Quick Guide To GD&T Parallelism

What Is Parallelism in GD&T?

GD&T Parallelism Symbol

GD&T Parallelism Symbol

There are two types of Parallelism in GD&T. It can refer to surface parallelism or axis parallelism, depending on whether you are using it to control a surface or an axis. The use of surface parallelism is more common than axis parallelism.

For both types of GD&T parallelism, the goal is to maintain parallelism (0° alignment) to the datum element (axis or plane) according to the constraints specified in the feature control framework.

Parallelism is actually two different functions in GD&T, depending on which reference feature is called. Normal form or surface parallelism is the tolerance that controls the parallelism between two surfaces or features. The control of surface shape is similar to flatness, with two parallel planes as its tolerance zone. Axis parallelism is a tolerance that controls the parallelism of a particular part’s central axis to a datum plane or axis. The axis form is governed by a cylinder around a theoretical perfectly parallel axis.

Axis parallelism and surface parallelism

Parallelism Tolerance Zone

Surface Parallelism Tolerance Zone

In the case of surface parallelism, the parallelism tolerance zone consists of two theoretically exact parallel planes. The distance between the two planes is the tolerance limit of the dimension. All points on the plane or center plane must lie in two parallel planes for the part to be approved.

Surface Parallelism Tolerance Zone

Axis Parallelism Tolerance Zone

Axis parallelism creates a cylindrical tolerance zone. It is used to hold the axis of a dimensional feature, such as a pin or hole that is parallel to the datum. All points of the central axis of the feature must lie within this cylindrical area for the part to meet specification. In this type of zone, the allowable angular deviation can be controlled by reducing or increasing the diameter of the cylindrical zone.

Axis parallelism Tolerance Zone

Relation To Other GD&T Symbols

Parallelism and flatness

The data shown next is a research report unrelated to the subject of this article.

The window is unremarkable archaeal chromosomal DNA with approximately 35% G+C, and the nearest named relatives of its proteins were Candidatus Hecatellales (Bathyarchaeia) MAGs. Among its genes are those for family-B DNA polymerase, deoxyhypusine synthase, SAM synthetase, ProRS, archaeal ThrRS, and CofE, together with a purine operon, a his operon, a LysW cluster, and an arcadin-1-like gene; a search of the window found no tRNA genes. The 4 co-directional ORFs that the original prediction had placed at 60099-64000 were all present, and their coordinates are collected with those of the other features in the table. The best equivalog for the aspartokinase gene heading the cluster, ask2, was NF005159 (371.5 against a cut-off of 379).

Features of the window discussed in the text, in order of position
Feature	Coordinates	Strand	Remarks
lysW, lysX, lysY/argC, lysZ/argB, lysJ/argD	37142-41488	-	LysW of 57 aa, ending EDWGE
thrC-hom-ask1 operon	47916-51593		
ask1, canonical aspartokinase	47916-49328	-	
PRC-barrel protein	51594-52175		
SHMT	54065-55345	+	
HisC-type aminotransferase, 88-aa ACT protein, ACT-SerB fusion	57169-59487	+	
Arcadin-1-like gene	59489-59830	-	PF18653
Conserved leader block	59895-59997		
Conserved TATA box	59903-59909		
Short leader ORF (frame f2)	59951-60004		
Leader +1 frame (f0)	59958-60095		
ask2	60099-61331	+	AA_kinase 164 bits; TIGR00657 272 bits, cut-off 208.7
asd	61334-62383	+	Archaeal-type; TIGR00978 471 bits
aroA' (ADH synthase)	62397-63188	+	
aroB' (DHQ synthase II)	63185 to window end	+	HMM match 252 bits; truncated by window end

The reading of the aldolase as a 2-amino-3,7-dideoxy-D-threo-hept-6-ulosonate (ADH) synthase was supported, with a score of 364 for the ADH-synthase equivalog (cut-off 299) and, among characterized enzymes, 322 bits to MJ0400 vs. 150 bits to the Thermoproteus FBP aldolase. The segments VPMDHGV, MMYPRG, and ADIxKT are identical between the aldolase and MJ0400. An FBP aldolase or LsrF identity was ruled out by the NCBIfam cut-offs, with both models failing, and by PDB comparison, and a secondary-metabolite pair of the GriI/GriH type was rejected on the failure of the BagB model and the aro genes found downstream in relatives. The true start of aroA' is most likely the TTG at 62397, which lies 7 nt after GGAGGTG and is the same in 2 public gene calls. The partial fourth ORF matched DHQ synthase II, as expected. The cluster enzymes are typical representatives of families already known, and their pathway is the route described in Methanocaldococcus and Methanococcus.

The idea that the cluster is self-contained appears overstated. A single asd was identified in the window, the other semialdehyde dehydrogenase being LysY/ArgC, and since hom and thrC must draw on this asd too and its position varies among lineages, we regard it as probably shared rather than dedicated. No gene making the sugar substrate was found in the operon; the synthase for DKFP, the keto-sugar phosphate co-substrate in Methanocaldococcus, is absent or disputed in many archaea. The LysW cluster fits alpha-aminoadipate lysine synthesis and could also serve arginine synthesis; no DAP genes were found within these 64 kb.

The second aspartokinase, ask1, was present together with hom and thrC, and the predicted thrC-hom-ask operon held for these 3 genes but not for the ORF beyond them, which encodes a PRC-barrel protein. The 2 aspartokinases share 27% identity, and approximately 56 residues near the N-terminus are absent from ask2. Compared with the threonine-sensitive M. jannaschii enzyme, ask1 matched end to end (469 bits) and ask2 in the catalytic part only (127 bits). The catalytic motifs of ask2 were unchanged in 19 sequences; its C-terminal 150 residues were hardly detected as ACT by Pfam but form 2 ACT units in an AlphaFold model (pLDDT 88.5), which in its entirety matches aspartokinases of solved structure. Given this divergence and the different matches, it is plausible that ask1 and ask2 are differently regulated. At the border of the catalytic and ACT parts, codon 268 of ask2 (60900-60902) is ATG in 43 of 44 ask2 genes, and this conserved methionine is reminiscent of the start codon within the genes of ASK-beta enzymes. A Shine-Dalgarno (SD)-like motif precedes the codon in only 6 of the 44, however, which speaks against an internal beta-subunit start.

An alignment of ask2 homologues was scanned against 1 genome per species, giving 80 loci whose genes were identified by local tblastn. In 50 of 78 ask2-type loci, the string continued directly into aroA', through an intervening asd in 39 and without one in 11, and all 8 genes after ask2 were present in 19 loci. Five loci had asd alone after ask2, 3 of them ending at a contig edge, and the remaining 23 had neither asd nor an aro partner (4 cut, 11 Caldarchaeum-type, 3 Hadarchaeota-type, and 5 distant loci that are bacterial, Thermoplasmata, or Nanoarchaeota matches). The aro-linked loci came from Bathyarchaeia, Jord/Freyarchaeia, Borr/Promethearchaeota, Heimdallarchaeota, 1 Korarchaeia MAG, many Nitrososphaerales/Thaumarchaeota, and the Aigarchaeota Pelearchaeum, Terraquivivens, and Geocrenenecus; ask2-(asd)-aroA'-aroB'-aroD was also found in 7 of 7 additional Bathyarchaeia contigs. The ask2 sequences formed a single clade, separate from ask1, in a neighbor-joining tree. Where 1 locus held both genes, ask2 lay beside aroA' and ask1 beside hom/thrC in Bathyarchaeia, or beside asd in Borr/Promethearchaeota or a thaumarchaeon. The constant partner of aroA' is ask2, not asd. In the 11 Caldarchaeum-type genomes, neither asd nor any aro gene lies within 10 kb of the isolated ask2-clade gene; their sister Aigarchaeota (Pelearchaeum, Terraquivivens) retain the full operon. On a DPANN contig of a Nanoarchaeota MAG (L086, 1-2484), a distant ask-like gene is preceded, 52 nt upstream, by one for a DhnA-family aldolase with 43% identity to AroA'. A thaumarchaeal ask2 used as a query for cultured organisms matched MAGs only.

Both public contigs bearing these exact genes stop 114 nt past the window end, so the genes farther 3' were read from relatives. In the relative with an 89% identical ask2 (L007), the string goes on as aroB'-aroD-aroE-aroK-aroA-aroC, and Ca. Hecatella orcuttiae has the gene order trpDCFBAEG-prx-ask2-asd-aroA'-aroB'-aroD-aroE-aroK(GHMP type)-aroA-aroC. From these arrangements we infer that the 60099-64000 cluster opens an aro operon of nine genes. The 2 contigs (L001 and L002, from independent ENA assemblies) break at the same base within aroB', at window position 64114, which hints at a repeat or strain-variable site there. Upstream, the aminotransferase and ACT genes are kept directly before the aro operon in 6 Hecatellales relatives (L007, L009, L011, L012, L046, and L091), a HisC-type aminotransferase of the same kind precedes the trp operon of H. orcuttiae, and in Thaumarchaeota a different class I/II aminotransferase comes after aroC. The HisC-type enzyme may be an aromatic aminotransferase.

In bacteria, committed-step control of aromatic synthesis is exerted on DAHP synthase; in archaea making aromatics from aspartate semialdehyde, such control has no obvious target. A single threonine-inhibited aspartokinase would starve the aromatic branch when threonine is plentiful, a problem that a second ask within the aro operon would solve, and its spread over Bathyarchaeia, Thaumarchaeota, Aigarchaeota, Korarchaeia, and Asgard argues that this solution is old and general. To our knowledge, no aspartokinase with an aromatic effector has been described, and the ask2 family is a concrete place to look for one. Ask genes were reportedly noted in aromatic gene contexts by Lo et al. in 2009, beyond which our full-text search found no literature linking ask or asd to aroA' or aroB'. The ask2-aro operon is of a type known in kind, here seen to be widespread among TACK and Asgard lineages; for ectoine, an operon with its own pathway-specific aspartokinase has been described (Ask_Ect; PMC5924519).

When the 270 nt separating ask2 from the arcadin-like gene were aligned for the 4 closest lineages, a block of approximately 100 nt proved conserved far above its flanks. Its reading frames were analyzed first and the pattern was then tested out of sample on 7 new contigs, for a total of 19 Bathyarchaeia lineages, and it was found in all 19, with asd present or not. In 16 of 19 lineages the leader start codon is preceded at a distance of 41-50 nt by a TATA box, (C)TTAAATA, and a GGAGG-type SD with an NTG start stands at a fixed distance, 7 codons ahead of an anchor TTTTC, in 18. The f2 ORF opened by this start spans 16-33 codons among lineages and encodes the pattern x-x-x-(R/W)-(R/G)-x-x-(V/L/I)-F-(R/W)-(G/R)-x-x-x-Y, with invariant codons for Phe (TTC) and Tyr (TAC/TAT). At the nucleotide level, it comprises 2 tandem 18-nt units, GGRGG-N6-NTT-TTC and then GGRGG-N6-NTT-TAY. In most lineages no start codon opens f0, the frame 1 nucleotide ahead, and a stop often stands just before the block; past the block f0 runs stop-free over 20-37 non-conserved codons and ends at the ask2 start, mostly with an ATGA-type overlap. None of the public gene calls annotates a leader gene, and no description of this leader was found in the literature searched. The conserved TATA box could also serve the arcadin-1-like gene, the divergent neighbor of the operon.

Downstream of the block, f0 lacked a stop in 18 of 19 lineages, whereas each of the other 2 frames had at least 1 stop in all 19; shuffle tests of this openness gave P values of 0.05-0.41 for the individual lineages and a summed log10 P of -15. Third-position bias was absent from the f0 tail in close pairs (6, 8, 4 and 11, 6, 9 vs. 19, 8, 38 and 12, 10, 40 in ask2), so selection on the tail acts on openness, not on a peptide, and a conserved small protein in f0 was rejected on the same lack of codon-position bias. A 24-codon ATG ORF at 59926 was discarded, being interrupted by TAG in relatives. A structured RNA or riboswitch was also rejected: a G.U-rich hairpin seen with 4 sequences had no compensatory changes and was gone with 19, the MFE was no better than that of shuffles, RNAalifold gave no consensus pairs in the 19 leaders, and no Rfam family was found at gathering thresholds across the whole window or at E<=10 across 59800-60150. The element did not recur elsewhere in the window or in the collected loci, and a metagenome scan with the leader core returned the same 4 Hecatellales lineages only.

Parallelism and flatness are similar to each other on many levels. They all have similar tolerance zones. They basically control the flatness of the surface they are applied to. Their measurement method is the same.

However, there are some key differences that can help us differentiate the two. For example, parallelism, like all other orientation controls, cannot operate without a datum. Compare the slope of the surface to the datum plane to create tolerance zones.

On the other hand, when using flatness tolerances, the surface is measured in terms of itself. Tilt doesn’t matter as long as the flatness is within limits. With parallelism dimensions, regions can be translated or moved, but not tilted relative to the datum.

How to Measure Parallelism

Parallelism is easy to measure. Like flatness, gauges pass through a reference surface or feature. Unlike flatness, however, the part is constrained to a granite block or plane, which is used as a datum for measuring the part.

There are several ways to measure parallelism. The most commonly used method is the reference plate parallel measurement. In this method, components are placed on a flat base. Make sure the datum must be clean and accurate, depending on the level of accuracy you want.

The dial indicator then moves across the surface. Metrics must be within tolerance or the component’s parallelism fails.

If the tolerance requirements are very tight, make sure to measure at a consistent room temperature. Even small changes in temperature can affect this value, as some materials expand or contract with changes in temperature.

Related Post:

GD&T Perpendicularity

Introduction About GD&T – Circularity

Introduction to GD&T: Circular Runout

Introduction About GD&T – Flatness

Introduction About GD&T – Straightness

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